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A Lesson Learned From Being on the Losing End in the Finals


As sports fans it’s hard for many of us to be impartial when watching games. We have our favorite teams that we will always root for but then we have those teams that we just don’t like at all so we just root against them. This might not be the case for all of us, but it is for many of us. As a Flyers fan I learned a valuable lesson that will change the latter mentioned habit for me.

When the Philadelphia Flyers lost game 6 and the Chicago Blackhawks won the Stanley Cup, tears were shed all through the Philadelphia area. It was a heart breaking loss. It was definitely the hardest loss I ever had to deal with and I admit that I cried like a baby. But fans were not the only ones left in tears. Grown men who were warriors for 23 grueling playoff games were left stunned and devastated. They saw their biggest dream ripped away with one fluke goal. The road had come to an end and for the Flyers the ride was magical, but the end was certainly not the desired result. Guys like Braydon Coburn, Jeff Carter, Michael Leighton, and Danny Briere struggled through interviews. It was hard for them not to get choked up. You get to within two wins from your ultimate goal, but in the end it’s still 2 wins short.

There can only be one winner and all of the other teams must be sent home wondering what if. The Chicago Blackhawks deserve all the credit in the world. They earned the Stanley Cup. The team and their fans deserve to celebrate. But there is just one problem: Not everyone is saying their congratulations to the Hawks. There are many people just saying how happy they are that the Philadelphia Flyers did not win, and after experiencing this loss, I could never have that attitude again.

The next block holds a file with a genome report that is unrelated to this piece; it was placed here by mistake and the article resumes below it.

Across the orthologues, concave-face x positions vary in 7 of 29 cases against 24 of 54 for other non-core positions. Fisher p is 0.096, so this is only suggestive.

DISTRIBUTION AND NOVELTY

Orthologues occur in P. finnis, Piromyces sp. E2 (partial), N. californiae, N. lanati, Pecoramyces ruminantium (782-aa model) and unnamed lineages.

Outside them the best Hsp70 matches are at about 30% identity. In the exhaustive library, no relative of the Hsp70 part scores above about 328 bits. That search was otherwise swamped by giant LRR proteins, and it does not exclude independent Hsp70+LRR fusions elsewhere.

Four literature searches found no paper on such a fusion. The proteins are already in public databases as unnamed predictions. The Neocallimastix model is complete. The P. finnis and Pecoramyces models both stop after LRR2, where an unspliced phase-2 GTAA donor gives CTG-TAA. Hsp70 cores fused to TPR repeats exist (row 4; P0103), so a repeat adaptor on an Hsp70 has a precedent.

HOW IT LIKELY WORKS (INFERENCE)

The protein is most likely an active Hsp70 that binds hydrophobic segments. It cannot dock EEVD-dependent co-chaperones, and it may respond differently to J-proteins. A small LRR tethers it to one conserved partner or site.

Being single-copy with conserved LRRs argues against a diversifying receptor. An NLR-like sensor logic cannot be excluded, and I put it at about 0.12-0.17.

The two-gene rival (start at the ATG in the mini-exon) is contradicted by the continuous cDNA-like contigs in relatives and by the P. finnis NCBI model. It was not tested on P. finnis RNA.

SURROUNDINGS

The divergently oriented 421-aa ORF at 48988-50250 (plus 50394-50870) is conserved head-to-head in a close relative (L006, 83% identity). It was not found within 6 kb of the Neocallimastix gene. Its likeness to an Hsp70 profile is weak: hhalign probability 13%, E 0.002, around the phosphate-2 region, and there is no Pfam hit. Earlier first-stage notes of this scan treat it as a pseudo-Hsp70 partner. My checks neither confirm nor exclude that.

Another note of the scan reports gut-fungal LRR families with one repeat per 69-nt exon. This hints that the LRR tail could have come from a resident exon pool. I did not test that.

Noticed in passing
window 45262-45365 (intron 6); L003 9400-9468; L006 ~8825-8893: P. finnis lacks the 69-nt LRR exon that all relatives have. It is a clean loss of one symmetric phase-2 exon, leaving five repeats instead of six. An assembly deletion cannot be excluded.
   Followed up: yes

After seeing grown men moved to tears by this loss, I don’t think that I could ever root for a team to be eliminated from the playoffs, especially the Stanley Cup Finals. It is a heartless thing to do. There is a huge difference between rooting for one team to win and rooting for one team to lose.

The further your team gets in the playoffs, the more successful their season becomes. But at the same time, the further your team gets, the harder the elimination losses are to handle. That goes for the players too. Because of this, I’m hoping that I can change how some people treat the playoffs when one of their least favorite teams goes deep. It’s normal to “hate” rival teams, but to root against them is like wishing that a group of warriors have their ultimate goal taken away from them in an instant. If you have ever had your favorite team lose in the Stanley Cup Finals, then you know what I mean. Getting back to the Finals again is not a guaranteed thing. The Flyers were 13 years between Stanley Cup Finals appearances. Nothing is ever guaranteed and for that you can’t help but feel terrible for the players that may never get a shot at the Stanley Cup ever again. And as hockey players, winning the Stanley Cup is their biggest dream.

I might just be naive, but after experiencing the true agony of defeat, I realized just how special the thrill of the ultimate victory must be and how I would never wish the terrible feeling of a heartbreaking loss like the Flyers experienced for anyone. And with all of that said, there is no shame in losing. The Flyers fought hard to the very end. The better team just prevailed. And for that I once again congratulate the Chicago Blackhawks and their fans.

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